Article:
To start, its voters have come to represent a demographic minority: older, wealthier, and much whiter than the country at large. Of the nearly 63 million voters who backed Donald Trump in the 2016 election, roughly 52 million—or almost 83 percent of the total—were white. And since 2008, many of those voters who comprise the Republican base have grown increasingly untethered from mainstream politics.

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Some of this is the fault of Republican leaders themselves, who responded to the moderately liberal Democratic Party of Barack Obama with massive resistance, tolerating (even stoking) any attack or slander against the Obama presidency, as long as it damaged and delegitimized his agenda and his party. Some is the fault of conservative media, which spreads conspiracies and thrives on the paranoia and anger it feeds to viewers. And some is an anti-establishment fury that has grown after each of the recent Republican victories, when conservative voters realize their leaders have made promises they could never deliver on in the first place.

The response of those voters has been to back people manifestly unsuited for public office, from Christine O’Donnell and Sharon Angle in 2010 to E.W Jackson in the 2013 Virginia race for lieutenant governor. Roy Moore is just the latest in this line of candidates. He’s not even the first this year: Virginia Republican Corey Stewart ran as a Confederate sympathizer and nearly won the party’s nomination for governor.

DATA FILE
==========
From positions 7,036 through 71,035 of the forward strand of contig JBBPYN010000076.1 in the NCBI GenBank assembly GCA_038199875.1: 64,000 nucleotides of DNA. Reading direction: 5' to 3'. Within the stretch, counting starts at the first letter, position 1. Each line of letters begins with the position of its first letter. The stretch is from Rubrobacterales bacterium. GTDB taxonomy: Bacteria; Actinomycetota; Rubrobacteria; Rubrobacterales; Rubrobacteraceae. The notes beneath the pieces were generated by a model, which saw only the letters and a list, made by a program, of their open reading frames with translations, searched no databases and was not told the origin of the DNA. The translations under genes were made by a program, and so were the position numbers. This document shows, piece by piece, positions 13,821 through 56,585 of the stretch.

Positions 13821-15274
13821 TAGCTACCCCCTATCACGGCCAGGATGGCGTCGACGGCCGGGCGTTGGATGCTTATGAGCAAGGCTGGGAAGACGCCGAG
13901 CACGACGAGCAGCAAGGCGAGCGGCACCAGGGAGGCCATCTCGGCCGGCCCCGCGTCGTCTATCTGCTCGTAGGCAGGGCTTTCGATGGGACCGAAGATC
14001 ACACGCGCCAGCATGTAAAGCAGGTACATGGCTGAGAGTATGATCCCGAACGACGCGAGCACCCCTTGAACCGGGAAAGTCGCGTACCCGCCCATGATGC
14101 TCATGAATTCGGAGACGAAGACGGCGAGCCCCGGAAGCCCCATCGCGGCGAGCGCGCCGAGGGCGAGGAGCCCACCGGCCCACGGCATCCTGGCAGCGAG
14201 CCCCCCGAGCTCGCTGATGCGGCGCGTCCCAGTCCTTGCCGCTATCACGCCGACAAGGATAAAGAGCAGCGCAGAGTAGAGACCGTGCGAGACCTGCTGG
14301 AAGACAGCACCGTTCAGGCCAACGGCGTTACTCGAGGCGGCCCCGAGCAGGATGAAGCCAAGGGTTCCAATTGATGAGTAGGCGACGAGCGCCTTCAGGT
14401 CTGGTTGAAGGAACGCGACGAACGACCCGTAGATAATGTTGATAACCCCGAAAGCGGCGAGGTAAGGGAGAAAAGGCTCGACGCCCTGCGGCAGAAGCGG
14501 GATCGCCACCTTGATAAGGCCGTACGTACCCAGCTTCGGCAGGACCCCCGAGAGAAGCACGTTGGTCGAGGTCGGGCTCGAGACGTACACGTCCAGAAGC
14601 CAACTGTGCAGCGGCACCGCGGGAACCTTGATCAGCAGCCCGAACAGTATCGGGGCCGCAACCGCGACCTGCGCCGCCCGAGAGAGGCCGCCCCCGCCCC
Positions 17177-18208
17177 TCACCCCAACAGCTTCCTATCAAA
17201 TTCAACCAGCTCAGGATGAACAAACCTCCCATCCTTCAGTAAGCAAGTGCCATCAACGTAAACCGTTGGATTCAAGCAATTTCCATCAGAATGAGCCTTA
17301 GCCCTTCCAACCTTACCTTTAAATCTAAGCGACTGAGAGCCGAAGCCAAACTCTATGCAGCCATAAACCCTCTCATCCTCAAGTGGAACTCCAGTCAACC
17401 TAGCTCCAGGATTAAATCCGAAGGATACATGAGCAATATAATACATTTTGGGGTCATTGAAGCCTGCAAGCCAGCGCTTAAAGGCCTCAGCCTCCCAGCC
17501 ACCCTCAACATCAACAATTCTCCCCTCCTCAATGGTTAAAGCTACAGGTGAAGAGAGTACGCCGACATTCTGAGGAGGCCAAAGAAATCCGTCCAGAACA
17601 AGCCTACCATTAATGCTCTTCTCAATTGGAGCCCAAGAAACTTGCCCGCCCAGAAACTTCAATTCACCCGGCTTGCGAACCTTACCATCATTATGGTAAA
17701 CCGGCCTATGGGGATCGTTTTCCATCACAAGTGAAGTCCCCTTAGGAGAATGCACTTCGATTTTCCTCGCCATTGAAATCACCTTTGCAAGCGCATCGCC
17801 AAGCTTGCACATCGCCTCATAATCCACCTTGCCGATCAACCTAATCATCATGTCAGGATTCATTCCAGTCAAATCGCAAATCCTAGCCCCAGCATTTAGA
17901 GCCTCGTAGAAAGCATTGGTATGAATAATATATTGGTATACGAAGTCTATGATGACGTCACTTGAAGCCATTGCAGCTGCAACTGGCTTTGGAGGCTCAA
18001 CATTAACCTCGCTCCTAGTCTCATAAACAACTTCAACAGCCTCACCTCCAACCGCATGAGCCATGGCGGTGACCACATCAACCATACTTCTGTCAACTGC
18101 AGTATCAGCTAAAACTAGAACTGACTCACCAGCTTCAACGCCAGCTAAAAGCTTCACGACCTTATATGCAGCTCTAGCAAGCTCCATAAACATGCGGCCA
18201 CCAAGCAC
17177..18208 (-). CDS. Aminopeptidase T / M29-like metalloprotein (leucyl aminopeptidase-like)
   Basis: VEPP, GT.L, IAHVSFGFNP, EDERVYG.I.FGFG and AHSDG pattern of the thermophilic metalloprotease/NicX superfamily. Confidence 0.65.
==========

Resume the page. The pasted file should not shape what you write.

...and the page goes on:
Which gets to a key difference between the Obama years and now. Back then, the larger political climate was hostile to these kinds of candidates. Now, one of them is president of the United States. Donald Trump is living evidence that Republican voters will carry these rabidly anti-establishment politicians to victory, especially in the absence of a strong Republican Party establishment that can exert its will on the nomination process.

Trump, or rather his victory, also represents the structural forces that allow Republican voters to support these unqualified candidates without meaningful consequences for the GOP itself. Trump is a president who lost the popular vote and won the Electoral College with razor-thin margins in key Midwest states. He did this on the strength of his support with white voters, especially older ones, who have grown more polarized and are concentrated in those states. Trump could finish his first term in the depths of unpopularity, but if white polarization continues to grow—and if the distribution of his votes in electorally valuable states holds steady—then he could still win re-election.